Witnessing the Signing of the .UY Zone
By Carlos Martínez, LACNIC CTO
.UY, the Uruguayan TLD, updated its zone signatures using its Key Signing Key (KSK), a cryptographic key that allows signing the Domain Name System (DNS) zone and thus strengthening the system and increasing the trustworthiness of the Internet.
The KSK is used to digitally sign the set of zone-signing keys. Just as all other top-level domains (TLDs), .UY is responsible for signing its space using DNSSEC.
A globally accepted and recommended practice is to update the signatures, rolling over the keys. DNS signatures are peculiar in that their validation requires the help of the root.
A key rollover involves generating a new pair of cryptographic keys and distributing the new public key globally to all DNSSEC validating resolvers. This is a significant change, as every Internet query that uses DNSSEC relies on the KSK of the root zone to validate its destination.
If the root zone KSK is not up to date, the DNSSEC validating DNS resolvers cannot resolve DNS queries.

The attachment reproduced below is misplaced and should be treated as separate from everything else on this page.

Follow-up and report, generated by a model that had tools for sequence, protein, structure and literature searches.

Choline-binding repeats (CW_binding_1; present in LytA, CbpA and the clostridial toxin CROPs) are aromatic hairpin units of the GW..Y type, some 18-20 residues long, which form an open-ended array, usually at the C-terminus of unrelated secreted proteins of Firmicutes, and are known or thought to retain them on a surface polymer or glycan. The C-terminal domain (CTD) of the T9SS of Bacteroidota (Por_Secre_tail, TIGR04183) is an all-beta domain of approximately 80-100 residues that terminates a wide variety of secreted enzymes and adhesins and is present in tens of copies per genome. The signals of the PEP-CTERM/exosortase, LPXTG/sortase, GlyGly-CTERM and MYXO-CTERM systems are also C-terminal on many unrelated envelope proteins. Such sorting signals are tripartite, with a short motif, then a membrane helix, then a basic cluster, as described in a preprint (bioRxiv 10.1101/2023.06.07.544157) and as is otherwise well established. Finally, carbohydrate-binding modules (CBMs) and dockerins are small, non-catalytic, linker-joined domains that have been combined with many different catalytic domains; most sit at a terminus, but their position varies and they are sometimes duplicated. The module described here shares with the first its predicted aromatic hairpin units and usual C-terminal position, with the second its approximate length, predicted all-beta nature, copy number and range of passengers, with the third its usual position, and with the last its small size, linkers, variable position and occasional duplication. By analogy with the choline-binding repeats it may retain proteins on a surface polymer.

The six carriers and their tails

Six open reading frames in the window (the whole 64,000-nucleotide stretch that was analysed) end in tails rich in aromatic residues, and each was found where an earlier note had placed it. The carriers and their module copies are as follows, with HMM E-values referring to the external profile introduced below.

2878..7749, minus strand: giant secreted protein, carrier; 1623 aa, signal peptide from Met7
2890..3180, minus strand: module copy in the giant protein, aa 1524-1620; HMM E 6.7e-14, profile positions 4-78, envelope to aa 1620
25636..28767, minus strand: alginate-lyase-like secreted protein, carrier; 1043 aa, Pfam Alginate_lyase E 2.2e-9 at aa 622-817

The mechanism that is used consists of dividing signatures in two parts: the ZSK (any change in your zone) and the KSK, which is the key used to build the trust chain upwards from .UY.
In the case of Uruguay, the key is updated every five years. The KSK is used to generate ZSKs; typically, twice the number of keys that are needed are generated.
The ceremony during which the new keys were generated in Uruguay was held at the Pocitos Data Center, where the hardware security module (HSM) server rack is located.
Who was present during the ceremony? Two crypto officers (each with a USB flash drive), a notary, and five witnesses were present for reasons of transparency.
The HSM (a board inside the server) was turned on, a series of steps were followed, and the final product was the ZSK keys signed with the KSK.
A sort of digital signature was also generated which can be verified and is recorded in the minutes. Thus, anyone who wishes to do so can verify that the correct keys are being used. This adds transparency and guarantees the process.
The new keys were copied to two USB flash drives. One was taken to SECIU, the Central Computer Service of the University of the Republic; the other was stored in a bank vault. This copy of the keys serves as a form of backup to restore the HSM in case the original is destroyed.
The USB flash drive that was taken to SeCIU was used to upload the keys and perform the signing operations.
The same ceremony is held in each territory in the LACNIC service region at the local TLDs.